28 Chicago

Photo by Nadine Shaabana on Unsplash

For the rest of the day and into the next, I thought about Ruby’s eyes. I had handled the moment badly, I told myself, made her feel ashamed for a small vanity in a life that could afford few vanities. I realized that a part of me expected her and the other leaders to possess some sort of immunity from the onslaught of images that feed every American’s insecurities-the slender models in the fashion magazines, the square-jawed men in fast cars- images to which I myself was vulnerable and from which I had sought protection. When I mentioned the incident to a black woman friend of mine, she state the issue more bluntly. “What are you surprised about?” my friend said impatiently. “That black people still hate themselves?” No, I told her, it wasn’t exactly surprised that I was feeling. Since my first frightening discovery of bleaching creams in Life magazine, I’d become familiar with the lexicon of color consciousness with the black community-good hair, bad hair; thick lips, or thin; if you're light, you’re all right, if you're black, get back. In college, the politics of black fashion, and the questions of self-esteem that fashion signified, had been frequent, if delicate, the topic of conversation for black students, especially among the women, who would smile bitterly at the sight of the militant brother who always seemed to be dating light-skinned girls-and tongue-lash any black man who was foolish enough to make a remark about black women’s hairstyles. Mostly, I had kept quiet when this subject was broached, privately measuring my own degree of infection. But I noticed that such conversations rarely took place in large groups, and never in front of whites. Later, I would realize that the position of most black students in predominantly white colleges was already too tenuous, our identities too scrambled, to admit to ourselves that our black pride remained incomplete. -P.197, September 30, 2021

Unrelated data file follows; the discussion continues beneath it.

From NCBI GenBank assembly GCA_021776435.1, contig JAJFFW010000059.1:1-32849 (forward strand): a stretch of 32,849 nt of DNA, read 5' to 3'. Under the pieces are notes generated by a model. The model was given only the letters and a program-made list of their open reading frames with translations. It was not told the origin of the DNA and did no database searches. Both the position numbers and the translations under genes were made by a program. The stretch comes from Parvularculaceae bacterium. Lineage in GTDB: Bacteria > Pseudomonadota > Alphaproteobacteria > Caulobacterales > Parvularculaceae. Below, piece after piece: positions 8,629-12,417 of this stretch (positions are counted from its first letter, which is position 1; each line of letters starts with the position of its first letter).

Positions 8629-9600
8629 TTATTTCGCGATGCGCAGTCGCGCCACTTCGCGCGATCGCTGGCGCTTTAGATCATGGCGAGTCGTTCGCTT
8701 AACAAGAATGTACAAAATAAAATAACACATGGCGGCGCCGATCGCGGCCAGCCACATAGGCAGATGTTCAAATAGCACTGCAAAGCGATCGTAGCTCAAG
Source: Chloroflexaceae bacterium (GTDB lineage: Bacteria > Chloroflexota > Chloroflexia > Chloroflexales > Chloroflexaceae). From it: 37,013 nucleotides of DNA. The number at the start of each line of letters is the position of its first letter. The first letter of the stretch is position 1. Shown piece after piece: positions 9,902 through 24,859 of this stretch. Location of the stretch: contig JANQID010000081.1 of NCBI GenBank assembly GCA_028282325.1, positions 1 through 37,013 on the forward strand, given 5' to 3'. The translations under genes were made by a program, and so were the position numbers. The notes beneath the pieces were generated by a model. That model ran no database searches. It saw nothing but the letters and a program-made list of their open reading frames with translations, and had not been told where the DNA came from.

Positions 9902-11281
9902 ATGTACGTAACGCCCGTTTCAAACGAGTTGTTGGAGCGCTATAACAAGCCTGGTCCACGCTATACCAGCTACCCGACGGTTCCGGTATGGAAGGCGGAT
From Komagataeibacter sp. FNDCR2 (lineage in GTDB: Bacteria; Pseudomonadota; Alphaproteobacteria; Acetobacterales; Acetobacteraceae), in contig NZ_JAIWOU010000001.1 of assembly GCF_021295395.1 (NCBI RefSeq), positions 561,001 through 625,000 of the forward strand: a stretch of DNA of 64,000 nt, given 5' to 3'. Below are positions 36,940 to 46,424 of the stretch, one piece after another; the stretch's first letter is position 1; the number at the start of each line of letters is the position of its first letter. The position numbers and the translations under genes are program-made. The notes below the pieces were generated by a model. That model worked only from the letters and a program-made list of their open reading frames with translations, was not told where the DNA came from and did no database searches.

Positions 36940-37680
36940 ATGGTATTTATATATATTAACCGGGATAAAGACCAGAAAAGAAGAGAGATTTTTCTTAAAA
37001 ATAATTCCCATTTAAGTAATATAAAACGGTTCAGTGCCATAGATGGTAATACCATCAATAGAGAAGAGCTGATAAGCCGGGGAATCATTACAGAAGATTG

--

--

--

Love podcasts or audiobooks? Learn on the go with our new app.

Recommended from Medium

Anti-War Moment & Campus Racism

NAACP Sues Trump and Giuliani, Citing White Supremacist Conspiracy

I Don’t Celebrate Black History Month. I Honor It.

A Case for the Afrikaans Language

Calling Out the Racism of the GQP

The University of Pennsylvania Misuses Dead & Unidentified Black Child For “Educational” Purposes

Figments of my Imagination.

Racial Microaggressions in the Classroom

Get the Medium app

A button that says 'Download on the App Store', and if clicked it will lead you to the iOS App store
A button that says 'Get it on, Google Play', and if clicked it will lead you to the Google Play store
Ellie Kim

Ellie Kim

More from Medium

Did you grow up eating chicken noodle soup? #shorts #ketorecipes #recipe

POST-COVID 19 REHABILITATION: **BREATHING EXERCISES**

AZCashCode Review: Start Earning Free Amazon Gift Cards Today!

How to Start a Travel Blog: Try these Handy Hacks